Caution: Trail Blazing Can Be Dangerous
Passion fans the flames of many desires and when well-meaning pioneers believe passionately about a cause they are willing to go to bat for, the road isn't necessarily easily traversed.
(Can you count how many cliches I was able to add to that list of analogies in one sentence?)
This is the reason why change happens so slowly.
"I know you've taken it in the teeth out there, but the first guy through the wall. It always gets bloody, always. It's the threat of not just the way of doing business, but in their minds it's threatening the game. But really what it's threatening is their livelihoods, it's threatening their jobs, it's threatening the way that they do things. And every time that happens, whether it's the government or a way of doing business or whatever it is, the people are holding the reins, have their hands on the switch.," was uttered in the movie Moneyball by John Henry at the end when Billy Beane takes the meeting with the Red Sox. Beane experimented and was successful with changing the way people looked at baseball. Folks who love the sport weren't so open-minded about his new method that looked closely at on-base percentages and other statistics, rather than gut instinct and talent.
Beane was only as good as his last win and when he didn't win the World Series, everyone forgot his amazing winning streak.
In education, it isn't much different. Many folks believe that "the way we've always done it" is right and if "it isn't broken it shouldn't be fixed". Changing education and the way we do things threaten people who have been doing things a certain way for a long time.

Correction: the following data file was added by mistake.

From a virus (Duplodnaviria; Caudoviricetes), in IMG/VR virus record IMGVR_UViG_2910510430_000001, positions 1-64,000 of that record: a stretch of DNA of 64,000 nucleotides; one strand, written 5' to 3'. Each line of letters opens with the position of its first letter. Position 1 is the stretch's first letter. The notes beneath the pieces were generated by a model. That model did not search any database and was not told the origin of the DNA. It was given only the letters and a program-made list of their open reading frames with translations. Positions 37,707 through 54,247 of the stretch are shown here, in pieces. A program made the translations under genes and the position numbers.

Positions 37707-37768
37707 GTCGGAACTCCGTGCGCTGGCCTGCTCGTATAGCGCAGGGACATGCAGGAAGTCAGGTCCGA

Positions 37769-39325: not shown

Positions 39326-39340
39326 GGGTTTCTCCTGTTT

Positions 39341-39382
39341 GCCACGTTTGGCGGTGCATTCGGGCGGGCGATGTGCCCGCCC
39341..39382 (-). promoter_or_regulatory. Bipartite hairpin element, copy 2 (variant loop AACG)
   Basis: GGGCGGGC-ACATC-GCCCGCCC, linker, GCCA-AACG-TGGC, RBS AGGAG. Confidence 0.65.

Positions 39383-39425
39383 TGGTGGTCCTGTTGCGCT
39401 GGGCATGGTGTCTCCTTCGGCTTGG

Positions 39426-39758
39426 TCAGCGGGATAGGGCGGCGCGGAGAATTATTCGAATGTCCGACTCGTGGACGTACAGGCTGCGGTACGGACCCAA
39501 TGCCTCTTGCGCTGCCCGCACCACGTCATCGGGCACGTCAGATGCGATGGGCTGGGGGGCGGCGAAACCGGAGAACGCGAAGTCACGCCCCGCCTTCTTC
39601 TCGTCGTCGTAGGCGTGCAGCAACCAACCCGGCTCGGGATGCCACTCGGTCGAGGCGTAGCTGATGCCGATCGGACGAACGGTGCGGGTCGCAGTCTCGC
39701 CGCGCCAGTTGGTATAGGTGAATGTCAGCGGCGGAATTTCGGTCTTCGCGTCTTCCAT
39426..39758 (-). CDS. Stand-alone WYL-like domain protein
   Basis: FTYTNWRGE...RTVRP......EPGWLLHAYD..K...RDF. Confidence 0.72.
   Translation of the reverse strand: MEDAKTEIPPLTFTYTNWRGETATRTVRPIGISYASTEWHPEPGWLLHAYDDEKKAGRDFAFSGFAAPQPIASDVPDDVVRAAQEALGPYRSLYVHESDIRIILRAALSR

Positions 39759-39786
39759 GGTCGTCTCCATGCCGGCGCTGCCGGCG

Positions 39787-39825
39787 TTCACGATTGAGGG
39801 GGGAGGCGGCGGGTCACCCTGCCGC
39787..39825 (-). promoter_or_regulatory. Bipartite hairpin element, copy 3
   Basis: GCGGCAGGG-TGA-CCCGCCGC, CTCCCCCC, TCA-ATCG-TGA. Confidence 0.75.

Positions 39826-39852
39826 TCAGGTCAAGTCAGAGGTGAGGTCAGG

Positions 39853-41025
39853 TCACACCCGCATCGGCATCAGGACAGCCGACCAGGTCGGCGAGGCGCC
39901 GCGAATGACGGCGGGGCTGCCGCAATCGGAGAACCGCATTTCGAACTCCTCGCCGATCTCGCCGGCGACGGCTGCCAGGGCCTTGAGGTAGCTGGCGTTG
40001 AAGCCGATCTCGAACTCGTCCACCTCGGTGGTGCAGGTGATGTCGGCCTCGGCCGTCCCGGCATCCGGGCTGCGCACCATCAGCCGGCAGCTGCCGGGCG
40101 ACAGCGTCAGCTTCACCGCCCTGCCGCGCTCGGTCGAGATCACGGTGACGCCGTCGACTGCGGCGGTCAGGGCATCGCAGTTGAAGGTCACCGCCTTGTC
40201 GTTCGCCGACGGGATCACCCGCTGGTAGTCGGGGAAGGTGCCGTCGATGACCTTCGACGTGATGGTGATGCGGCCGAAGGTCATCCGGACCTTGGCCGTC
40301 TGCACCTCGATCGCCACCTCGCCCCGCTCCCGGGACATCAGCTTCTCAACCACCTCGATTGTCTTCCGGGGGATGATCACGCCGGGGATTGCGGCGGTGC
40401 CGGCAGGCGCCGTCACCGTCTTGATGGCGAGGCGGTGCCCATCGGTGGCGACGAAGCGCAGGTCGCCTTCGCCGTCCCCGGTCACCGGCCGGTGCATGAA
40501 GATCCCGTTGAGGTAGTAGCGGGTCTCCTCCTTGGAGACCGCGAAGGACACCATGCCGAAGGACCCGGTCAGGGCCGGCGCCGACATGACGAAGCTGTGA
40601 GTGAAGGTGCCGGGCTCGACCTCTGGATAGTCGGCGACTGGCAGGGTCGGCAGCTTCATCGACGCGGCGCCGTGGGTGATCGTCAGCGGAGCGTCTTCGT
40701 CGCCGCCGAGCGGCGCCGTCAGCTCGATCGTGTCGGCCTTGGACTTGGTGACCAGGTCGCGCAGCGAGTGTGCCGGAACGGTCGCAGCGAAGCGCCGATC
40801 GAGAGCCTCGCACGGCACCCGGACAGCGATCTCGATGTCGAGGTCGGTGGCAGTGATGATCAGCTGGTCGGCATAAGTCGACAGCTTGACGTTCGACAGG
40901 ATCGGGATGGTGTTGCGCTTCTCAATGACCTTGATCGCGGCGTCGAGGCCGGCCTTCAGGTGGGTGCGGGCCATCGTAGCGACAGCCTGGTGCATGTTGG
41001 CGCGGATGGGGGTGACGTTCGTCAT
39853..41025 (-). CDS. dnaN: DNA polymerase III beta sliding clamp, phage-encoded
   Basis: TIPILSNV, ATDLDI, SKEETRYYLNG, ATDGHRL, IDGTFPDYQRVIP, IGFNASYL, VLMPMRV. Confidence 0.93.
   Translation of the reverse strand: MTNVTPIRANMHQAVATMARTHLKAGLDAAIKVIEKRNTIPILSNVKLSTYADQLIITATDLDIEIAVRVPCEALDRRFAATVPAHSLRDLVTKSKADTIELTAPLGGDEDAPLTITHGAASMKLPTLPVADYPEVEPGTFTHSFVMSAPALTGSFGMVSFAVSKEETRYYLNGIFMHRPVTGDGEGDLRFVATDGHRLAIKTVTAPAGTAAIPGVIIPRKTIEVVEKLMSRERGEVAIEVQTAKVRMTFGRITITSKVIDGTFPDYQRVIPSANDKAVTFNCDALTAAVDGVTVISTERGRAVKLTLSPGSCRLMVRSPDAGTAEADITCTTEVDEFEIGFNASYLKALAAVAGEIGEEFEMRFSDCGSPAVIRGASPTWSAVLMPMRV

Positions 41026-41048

That isn't a good enough reason, however, to leave it as it is.
Students in the last couple of decades have changed. I graduated high school two decades ago and school looked very different even then.
When I started teaching 14 years ago, it was different. Technology was not as it is now and learners were still relatively glued to their one-armed bandits.
How can we possibly teach the way we have for the last 100 years with students who don't even come close to resembling those we taught then?
Can we all agree that learning and school should be about the students?
We are here to meet their needs in a way that works for them. Students will have plenty of time in their lives to adjust to everyone else, but now is the time we must accommodate them in order to ready them for the world outside of school.
So bravely, we must vow to do the following:
Stand up for what know to be best for students
Refuse to simply follow rules because they exist without challenging their usefulness
Take risks that will benefit the learners who sit before us
Adjust the outcomes as we go and continue to take risks until we get it right
Get rid of grades as that is an antiquated system that doesn't further student learning
Change the language by which we talk to kids about school; make standards and learning objectives student-friendly
Listen with an open-mind when students make suggestions to improve the learning environment
Empower kids to take control of their own learning and support them in their choices
Be as flexible as possible as it pertains to student growth and choice and try to say "yes" more
Don't penalize students for compliance-based issues like behavior in class or lateness of work
Have a growth mindset in terms of expertise and learning
Use technology as it supports learning and engages students
Commit yourself to moving away from the status quo UNLESS it directly impacts learning in a positive way
There will always be naysayers in all that we do, but we can't allow them to deter progress. We must be courageous and trod on making the essential adjustments to improve student achievement every day.
What are you doing to change the course of progress in your classroom? Please share
This post originally ran on my Education Week Teacher blog in October 2015